The HLL Performance Gap

Austin Hastings Austin_Hastings at
Wed Jul 22 01:07:13 UTC 2009

0. Is there a standard set of performance/timing tests? If not, can we 
make one?

In particular,

0a. How long does it take to initialize parrot and execute a single 
"HALT" instruction?

0b. How long does it take to perform opcode O, 10**X-sub-O times, for 
some appropriate value of X-sub-O, for each O?

0c. How long does it take to run a standard program, with functions and 
data and objects and file i/o, Y times?

0d. How long does it take to run (some troublesome subsystem 'S') 
Z-sub-S times?


Patrick R. Michaud wrote:
> On Tue, Jul 21, 2009 at 04:31:20PM -0700, Geoffrey Broadwell wrote:
>> A few weeks ago, I was able to spend some time trying to track down why
>> this huge performance gap existed, at least for my code running in
>> Rakudo.  I suspect that other HLLs face similar problems, and I'd love
>> to see what the rest of you have found.
>> In any case, I found a number of issues, summarized in this list:
>> 1. Every Perl 6 scope becomes a PIR sub.
>> 2. Rakudo scopes are extra-heavy.
>> 3. PCT has no optimization passes.
> All of these are valid issues, but personally I find that they are
> of *far* less importance than
> 4.  Parrot subroutine calls are far too slow
>     4a.  There is too much overhead in parameter passing
> So while I agree that we can get started on things like PCT optimizations,
> of far greater importance to HLL performance will be resolving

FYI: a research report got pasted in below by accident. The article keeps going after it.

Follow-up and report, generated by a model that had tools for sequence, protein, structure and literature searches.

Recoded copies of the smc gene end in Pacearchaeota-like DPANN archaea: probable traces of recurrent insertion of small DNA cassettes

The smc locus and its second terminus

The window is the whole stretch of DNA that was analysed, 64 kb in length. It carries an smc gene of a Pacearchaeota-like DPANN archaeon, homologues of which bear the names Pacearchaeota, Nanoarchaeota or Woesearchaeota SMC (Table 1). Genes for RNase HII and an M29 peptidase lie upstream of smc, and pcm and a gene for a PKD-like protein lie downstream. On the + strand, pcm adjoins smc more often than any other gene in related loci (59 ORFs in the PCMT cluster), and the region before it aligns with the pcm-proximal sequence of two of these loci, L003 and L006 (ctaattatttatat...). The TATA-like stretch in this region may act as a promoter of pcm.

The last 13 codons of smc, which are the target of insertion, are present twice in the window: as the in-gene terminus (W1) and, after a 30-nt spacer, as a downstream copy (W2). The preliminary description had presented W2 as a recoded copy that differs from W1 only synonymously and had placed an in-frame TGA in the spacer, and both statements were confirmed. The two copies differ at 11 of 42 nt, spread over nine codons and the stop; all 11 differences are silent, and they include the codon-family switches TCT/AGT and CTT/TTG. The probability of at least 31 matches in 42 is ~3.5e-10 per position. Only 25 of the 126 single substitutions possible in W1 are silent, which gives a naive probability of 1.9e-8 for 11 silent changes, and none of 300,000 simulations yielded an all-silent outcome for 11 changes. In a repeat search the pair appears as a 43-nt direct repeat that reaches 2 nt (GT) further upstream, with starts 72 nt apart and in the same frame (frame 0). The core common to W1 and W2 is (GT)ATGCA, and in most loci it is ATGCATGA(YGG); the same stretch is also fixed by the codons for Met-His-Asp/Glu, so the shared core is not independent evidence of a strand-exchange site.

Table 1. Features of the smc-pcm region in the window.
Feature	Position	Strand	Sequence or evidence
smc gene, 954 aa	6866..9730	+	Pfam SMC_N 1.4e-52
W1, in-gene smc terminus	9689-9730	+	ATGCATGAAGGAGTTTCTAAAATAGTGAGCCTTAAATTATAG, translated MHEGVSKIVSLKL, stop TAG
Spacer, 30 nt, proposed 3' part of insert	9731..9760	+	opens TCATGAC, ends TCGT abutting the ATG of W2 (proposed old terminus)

> Parrot's calling conventions and in speeding up the basic mechanisms
> for invoking and returning from Parrot subroutines.
> Phrased another way -- based on the measurements I've done, the
> speed overhead that currently exists in Rakudo arising from
> variable setup and takedown is far outweighed by the basic
> costs of performing subroutine calls.  While we may be able to
> eliminate some subroutine scopes (and I already have designs
> for doing this), the number of cases where this will in fact
> be possible is quite small.  Based on my experience in developing
> on Parrot, I suspect the fixes and optimizations you're describing 
> for Rakudo are in fact more of the "iterating on fixes that each 
> gain a few percent" variety than the "order of magnitude improvements".
> Again, I'm not saying that we shouldn't start looking at PCT
> improvements.  But I am saying that it's far more important
> that we stabilize Parrot's calling conventions early in the
> process -- not only for the performance improvements to be
> gained from doing so, but also because our ability to
> measure and adequately optimize PCT directly depends on the
> underlying stratum being stable and efficient.
> Pm
> _______________________________________________

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